Author:Phoebe Sengers (Cornell University)
Paper short abstract:
Change Islands, Newfoundland was rapidly modernized in the 1960's. New infrastructures from power to roads introduced new conditions of existence, only some of which are viable on a remote island. Change Islands is a place to query how being modern is, and is not, produced by means of technology.
Paper long abstract:
In the 1950's the government of Newfoundland & Labrador began an ambitious project to transform this new Canadian province from an impoverished rural backwater to an industrial economy. Central to this plan was the organized movement of most of its population from isolated fishing villages to centralized settlements allowing easier access to services and infrastructures. Change Islands was one of a few villages that actively resisted this move and insisted instead on modernizing in place. Within a few years, the village was overrun with unfamiliar technologies, including electricity, telephone, television, cars, roads, and running water. These new infrastructures introduced, sometimes accidentally, sometimes purposefully, new conditions of existence. They both assumed and produced new cognitive habits, orientations to labor, experiences of time, requirements for accountability, and moral norms, many of which do not match well to the geographical and social requirements of remote, rural communities. Caught up in contradictions, Change Islands is today simultaneously experienced as a dying relic, as a cherished preserve for traditional practices, and as unrecognizably modernized. It is a place to query how the condition of being modern is, and is not, produced by means of technology.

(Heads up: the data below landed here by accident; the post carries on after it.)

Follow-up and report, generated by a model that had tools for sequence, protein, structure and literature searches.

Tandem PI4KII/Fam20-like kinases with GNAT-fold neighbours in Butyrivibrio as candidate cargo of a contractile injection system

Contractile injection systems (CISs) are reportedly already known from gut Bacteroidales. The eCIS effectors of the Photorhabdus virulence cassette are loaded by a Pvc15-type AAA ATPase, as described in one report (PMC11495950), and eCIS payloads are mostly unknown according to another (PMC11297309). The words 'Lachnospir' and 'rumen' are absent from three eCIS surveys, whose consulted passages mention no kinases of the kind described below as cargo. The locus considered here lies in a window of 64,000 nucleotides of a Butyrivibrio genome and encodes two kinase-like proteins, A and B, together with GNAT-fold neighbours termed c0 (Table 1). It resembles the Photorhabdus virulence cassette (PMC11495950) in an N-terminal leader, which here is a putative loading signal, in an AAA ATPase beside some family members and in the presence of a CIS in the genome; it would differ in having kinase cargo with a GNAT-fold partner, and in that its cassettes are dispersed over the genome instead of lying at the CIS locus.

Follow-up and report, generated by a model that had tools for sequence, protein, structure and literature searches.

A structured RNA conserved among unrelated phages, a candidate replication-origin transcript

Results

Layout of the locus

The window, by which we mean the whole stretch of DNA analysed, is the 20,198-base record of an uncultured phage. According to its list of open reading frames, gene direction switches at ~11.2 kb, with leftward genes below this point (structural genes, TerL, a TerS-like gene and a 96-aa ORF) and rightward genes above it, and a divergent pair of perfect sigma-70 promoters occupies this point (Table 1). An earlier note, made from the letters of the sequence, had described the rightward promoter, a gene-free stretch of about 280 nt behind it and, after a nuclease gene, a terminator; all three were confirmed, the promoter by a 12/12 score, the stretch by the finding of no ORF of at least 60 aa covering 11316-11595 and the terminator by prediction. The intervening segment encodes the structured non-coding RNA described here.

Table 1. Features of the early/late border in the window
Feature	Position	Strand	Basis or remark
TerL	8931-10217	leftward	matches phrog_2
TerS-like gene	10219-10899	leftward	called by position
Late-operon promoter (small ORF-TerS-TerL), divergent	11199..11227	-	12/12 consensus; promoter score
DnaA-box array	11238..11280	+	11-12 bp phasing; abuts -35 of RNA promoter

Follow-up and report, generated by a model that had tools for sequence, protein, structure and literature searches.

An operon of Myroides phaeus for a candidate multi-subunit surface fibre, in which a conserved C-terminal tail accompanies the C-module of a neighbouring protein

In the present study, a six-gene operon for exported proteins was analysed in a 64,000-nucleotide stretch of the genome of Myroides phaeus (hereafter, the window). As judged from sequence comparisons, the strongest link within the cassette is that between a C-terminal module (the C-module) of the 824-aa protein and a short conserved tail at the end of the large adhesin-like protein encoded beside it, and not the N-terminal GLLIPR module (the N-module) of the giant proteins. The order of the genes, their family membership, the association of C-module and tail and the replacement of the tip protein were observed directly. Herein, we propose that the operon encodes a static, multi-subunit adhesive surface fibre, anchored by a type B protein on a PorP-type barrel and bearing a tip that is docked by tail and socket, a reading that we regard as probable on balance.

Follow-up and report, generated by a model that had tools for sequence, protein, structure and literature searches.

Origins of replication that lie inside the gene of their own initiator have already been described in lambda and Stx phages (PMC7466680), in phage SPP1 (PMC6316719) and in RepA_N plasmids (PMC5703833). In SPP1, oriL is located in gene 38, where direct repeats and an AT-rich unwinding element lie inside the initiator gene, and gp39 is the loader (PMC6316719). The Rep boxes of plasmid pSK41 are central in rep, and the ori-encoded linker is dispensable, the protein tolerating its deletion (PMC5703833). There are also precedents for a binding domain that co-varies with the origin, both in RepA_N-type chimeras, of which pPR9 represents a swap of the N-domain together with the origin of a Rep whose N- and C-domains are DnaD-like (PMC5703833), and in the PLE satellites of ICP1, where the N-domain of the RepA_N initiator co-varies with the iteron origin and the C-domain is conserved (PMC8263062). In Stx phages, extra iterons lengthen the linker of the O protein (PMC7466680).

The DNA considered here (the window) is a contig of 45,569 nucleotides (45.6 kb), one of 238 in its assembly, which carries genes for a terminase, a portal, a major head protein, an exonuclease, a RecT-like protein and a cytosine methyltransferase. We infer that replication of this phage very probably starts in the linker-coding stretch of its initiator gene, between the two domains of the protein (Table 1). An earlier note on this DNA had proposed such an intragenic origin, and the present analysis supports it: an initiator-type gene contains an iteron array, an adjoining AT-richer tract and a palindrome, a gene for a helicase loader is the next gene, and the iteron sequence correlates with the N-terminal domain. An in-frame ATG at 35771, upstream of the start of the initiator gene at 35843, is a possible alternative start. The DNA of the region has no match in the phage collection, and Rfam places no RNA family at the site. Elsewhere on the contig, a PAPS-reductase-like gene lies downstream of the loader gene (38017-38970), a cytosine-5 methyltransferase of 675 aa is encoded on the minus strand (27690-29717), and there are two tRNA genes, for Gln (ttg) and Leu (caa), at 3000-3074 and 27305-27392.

Islands on the Cutting Edge: Test sites for reimagining future technoscience